In the 21st century museum of the popular imagination, musty cases and specimens under glass have been replaced by brightly coloured interactive displays, whizz-bang educational sites for youngsters and holograms in place of artifacts. This state-of-the-art museum is noisy and full of life, unlike those ill-lit halls where stooped older people shuffled around, silently peering at fossils and typewritten cards.
Such cliches aren't entirely true of course, and Auckland's War Memorial Museum keeps important displays which attracted attention more than a century ago. Like the Arctic group of musk oxen first seen in 1906, or the albatross diorama which appeared in 1970 but displays birds that have been in the museum's collection since the 1930s.
"We tend to walk past that diorama because we've seen it so often," says Dr Brian Gill, curator of birds and land vertebrates. "But when you look closely you realise there is that four-and-a-half-metre diameter dome in the background, and the way they've created the perfect illusion of a natural scene with a limitless horizon is a gem.
"The Arctic group is still in marvellous condition, it's wonderful to have that Edwardian taxidermy. And the orangutan from Borneo. It's in a tree house so you have to crouch down and look up - children do - and you can see it in the top of the tree hut."
Gill - three decades at the museum and an enthusiastic advocate for its place in the city's cultural and scientific life - has written a quiet, understated yet fascinating book about the history, and sometimes eccentric characters, behind a number of the exhibits on display or important specimens in storage for research purposes.
The Owl That Fell From The Sky is a gently digressive collection where slivers of autobiography weave through clearly articulated scientific explanations. Former museum directors and stuffed birds come alive to tell their stories through Gill's pen, and - although advancing the case for the historical memory inherent in the traditional museum model - Gill embraces the advances technology has brought.
Where once, as recently as the 1980s, he would trawl through 18,000 catalogue cards and photocopy them for researchers, computerisation allows for faster and more democratic access as the museum can now offer an extensive, readily available online catalogue.
Yet publicly available natural history collections came from private sources originally, such as the 20,000 birds acquired by the 19th century British industrialist Henry Seebohm, which would often be gifted to museums.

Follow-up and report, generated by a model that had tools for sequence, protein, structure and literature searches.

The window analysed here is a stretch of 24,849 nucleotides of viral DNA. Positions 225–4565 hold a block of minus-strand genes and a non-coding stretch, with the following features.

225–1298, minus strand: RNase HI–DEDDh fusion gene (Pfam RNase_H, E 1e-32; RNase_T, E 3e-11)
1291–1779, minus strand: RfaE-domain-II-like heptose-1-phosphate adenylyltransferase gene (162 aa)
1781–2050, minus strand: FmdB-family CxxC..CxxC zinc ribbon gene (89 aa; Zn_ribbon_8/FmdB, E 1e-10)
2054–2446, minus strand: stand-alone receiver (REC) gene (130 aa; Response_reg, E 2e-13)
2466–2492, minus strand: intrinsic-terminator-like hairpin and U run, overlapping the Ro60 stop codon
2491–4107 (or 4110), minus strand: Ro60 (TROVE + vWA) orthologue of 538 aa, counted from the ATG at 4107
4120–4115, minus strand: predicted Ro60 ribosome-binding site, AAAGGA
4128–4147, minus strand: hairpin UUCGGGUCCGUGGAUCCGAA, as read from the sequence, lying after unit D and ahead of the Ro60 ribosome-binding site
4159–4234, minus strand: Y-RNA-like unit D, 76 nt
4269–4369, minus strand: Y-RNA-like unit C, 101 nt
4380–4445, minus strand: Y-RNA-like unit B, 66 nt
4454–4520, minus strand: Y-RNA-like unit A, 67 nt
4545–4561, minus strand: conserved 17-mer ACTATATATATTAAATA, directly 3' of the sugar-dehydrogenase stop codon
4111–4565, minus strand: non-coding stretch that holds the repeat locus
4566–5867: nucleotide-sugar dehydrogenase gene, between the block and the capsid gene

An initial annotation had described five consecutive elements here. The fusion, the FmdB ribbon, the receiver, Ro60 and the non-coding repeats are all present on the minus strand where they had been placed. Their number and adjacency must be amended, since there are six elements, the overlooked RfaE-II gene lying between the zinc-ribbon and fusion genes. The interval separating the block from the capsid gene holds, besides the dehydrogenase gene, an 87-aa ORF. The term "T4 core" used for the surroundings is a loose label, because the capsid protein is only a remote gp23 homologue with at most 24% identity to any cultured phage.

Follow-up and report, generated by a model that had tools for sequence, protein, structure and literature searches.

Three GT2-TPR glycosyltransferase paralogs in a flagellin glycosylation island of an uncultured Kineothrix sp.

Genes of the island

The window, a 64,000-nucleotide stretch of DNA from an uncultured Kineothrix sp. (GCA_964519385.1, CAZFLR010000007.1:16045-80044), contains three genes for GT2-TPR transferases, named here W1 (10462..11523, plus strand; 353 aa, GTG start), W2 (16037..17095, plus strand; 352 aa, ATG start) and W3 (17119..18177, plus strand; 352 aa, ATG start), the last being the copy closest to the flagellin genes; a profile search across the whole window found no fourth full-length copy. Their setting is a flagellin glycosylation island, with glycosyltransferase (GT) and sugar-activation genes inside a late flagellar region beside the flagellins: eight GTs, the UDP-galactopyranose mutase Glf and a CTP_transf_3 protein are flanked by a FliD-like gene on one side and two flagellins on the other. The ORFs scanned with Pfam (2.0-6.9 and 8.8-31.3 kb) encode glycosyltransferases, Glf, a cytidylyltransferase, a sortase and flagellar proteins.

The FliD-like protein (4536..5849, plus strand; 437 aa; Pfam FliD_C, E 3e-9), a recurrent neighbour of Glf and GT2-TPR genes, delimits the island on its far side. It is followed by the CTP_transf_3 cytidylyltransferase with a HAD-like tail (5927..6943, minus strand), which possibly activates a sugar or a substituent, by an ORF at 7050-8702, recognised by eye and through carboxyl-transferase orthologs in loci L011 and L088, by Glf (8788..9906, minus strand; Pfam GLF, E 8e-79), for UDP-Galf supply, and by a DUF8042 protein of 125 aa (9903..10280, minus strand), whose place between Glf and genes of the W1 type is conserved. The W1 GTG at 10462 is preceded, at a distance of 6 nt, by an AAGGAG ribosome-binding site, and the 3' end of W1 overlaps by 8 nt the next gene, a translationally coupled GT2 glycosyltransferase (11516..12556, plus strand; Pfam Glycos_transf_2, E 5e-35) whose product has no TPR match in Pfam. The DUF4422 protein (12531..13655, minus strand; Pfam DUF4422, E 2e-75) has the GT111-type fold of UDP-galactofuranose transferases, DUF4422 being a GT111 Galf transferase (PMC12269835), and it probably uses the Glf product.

"There were these 'cabinets of curiosity' which didn't just have natural history but had human history items as well. They were little talking points in the drawing rooms of rich people and aristocrats. It all evolved from that."
Gill's stories of how the Auckland museum came to have Rajah the elephant (and the heroic taxidermy undertaken), the creation of that extraordinary albatross diorama by Leo Cappel, and Captain Cook's tortoise (which unexpectedly begins by referencing the Philip K. Dick story Do Androids Dream Of Electric Sheep? which inspired the film Bladerunner) are engrossing.
Along the way are fascinating characters: the Belgian-born George Boulenger at the British Museum who refused to read any German publication issued after 1914 after they invaded his homeland, or that museum's Peter Whitehead who abandoned his satirical novel about museum culture when things became more ludicrous than anything he was inventing.
And the title story is pure detective work starting with a phone call in 1983 from a schoolgirl who had found an unusual bird in Papatoetoe. It was a barn owl - rare in New Zealand, this only the fourth identified - and posed questions of how it came to be here. Gill performed an autopsy on the bird and in its gizzard found a tiny insect. That lead to a phone call to the museum's entomologist, the insect specimen being sent to Canberra and ... to say more would give away the ending to what reads like a CSI case from the real world.
"Apart from the stories themselves," says Gill, "another aim was to try to tell people what goes on in natural history museums, why those collections are important, what they are used for and how they can be of benefit to the cities which have them.
"So it is about what curators do and the myriad things which go on behind the scenes which the public are not aware of. To demystify that, I suppose."
Aside from collating and caring for the collection, assessing and acquiring new specimens, and cheerfully dealing with between 30 and 60 inquiries a month from the public (he recalls an Otago Museum curator's kindness to him as a curious schoolboy with an unusual fish), another of Gill's projects is researching the correspondence of former museum director and botanist Thomas Cheeseman.
"He was director for nearly 50 years from 1874 and was a meticulous man. We have letters sent to him, but he also made a sort of carbon copy of his outgoing letters and we have bound volumes of those very thin sheets. So in one archive you can see both ends of the correspondence.
"Because he was here for so long and was a wonderful researcher, that is a legacy for us and the city."
It seems unnecessary to ask this assiduous researcher - who keeps the past alive in the present and thinks of future generations - if he has kept his correspondence. "Quite a bit and it's all filed away," he laughs, noting he still tends to print out important emails. "That is like a substitute for letters. We will have a good record."